its use (both sending and receiving) may be disabled by
   configuration.

4.2.5.2.  Use of OSPF Route Tags

   If a particular VRF in a PE is associated with an instance of OSPF,
   then by default it MUST be configured with a special OSPF route tag
   value, which we call the VPN Route Tag.  By default, this route tag
   MUST be included in the Type 5 LSAs that the PE originates (as the
   result of receiving a BGP-distributed VPN-IPv4 route, see Section
   4.2.8) and sends to any of the attached CEs.

   The configuration and inclusion of the VPN Route Tag is required for
   backward compatibility with deployed implementations that do not set
   the DN bit in type 5 LSAs.  The inclusion of the VPN Route Tag may be
   disabled by configuration if it has been determined that it is no
   longer needed for backward compatibility.

   The value of the VPN Route Tag is arbitrary but must be distinct from
   any OSPF Route Tag being used within the OSPF domain.  Its value MUST
   therefore be configurable.  If the Autonomous System number of the
   VPN backbone is two bytes long, the default value SHOULD be an
   automatically computed tag based on that Autonomous System number:



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   Tag = <Automatic = 1, Complete = 1, PathLength = 01>

       0 0 0 0 0 0 0 0 0 0 1 1 1 1 1 1 1 1 1 1 2 2 2 2 2 2 2 2 2 2 3 3
       0 1 2 3 4 5 6 7 8 9 0 1 2 3 4 5 6 7 8 9 0 1 2 3 4 5 6 7 8 9 0 1
      +-+-+-+-+-+-+-+-+-+-+-+-+-+-+-+-+-+-+-+-+-+-+-+-+-+-+-+-+-+-+-+-+
      |1|1|0|1|     ArbitraryTag      |       AutonomousSystem        |
      +-+-+-+-+-+-+-+-+-+-+-+-+-+-+-+-+-+-+-+-+-+-+-+-+-+-+-+-+-+-+-+-+

       1 1 0 1 0 0 0 0 0 0 0 0 0 0 0 0 _AS number of the VPN Backbone_

   If the Autonomous System number is four bytes long, then a Route Tag
   value MUST be configured, and it MUST be distinct from any Route Tag
   used within the VPN itself.

   If a PE router needs to use OSPF to distribute to a CE router a route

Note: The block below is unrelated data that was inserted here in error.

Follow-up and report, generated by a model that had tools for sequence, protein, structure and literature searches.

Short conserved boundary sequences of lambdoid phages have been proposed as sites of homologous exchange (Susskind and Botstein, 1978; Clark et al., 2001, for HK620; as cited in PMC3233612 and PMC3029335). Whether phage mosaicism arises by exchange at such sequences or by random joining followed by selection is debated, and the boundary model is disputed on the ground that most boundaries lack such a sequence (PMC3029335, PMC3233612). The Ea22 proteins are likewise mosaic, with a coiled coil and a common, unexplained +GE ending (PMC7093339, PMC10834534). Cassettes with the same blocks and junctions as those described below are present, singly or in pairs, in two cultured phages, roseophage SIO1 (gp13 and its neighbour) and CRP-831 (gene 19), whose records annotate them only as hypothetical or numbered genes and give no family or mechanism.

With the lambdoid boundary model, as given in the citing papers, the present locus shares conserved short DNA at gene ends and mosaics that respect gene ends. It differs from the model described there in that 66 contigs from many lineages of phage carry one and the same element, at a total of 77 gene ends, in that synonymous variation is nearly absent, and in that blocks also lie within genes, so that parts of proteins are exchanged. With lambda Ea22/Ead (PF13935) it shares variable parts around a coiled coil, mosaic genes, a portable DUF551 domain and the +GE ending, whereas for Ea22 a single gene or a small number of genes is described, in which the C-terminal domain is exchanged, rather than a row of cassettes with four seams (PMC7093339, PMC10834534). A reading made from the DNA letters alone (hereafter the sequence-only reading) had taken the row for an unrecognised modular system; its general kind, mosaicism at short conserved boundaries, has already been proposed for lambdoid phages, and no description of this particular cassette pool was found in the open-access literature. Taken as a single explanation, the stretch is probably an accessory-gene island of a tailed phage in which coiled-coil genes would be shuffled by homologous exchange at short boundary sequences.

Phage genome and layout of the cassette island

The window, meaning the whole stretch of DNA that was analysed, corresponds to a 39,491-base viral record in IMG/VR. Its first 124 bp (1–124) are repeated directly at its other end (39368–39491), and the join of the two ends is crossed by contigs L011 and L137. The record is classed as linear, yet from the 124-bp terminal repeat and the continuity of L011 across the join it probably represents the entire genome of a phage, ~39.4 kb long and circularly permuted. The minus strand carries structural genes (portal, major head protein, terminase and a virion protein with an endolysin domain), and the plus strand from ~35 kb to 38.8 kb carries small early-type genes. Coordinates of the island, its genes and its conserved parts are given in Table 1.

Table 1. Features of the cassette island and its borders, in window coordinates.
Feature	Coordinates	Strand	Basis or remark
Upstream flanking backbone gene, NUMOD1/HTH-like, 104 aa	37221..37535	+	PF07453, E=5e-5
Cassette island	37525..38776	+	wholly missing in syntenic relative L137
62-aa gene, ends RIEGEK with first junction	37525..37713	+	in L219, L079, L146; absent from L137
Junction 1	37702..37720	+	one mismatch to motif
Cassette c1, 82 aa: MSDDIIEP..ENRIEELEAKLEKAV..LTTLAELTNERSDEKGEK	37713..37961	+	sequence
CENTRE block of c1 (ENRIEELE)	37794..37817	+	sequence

that comes from a site outside the CE router's OSPF domain, the PE
   router SHOULD present itself to the CE router as an Autonomous System
   Border Router (ASBR) and SHOULD report such routes as AS-external
   routes.  That is, these PE routers originate Type 5 LSAs reporting
   the extra-domain routes as AS-external routes.  Each such Type 5 LSA
   MUST contain an OSPF route tag whose value is that of the VPN Route
   Tag.  This tag identifies the route as having come from a PE router.
   The VPN Route Tag MUST be used to ensure that a Type 5 LSA originated
   by a PE router is not redistributed through the OSPF area to another
   PE router.

4.2.5.3.  Other Possible Loops

   The procedures specified in this document ensure that if routing
   information derived from a BGP-distributed VPN-IPv4 route is
   distributed into OSPF, it cannot be redistributed back into BGP as a
   VPN-IPv4 route, as long as the DN bit and/or VPN route tag is
   maintained within the OSPF domain.  This does not eliminate all
   possible sources of loops.  For example, if a BGP VPN-IPv4 route is
   distributed into OSPF, then distributed into RIP (where all the
   information needed to prevent looping is lost), and then distributed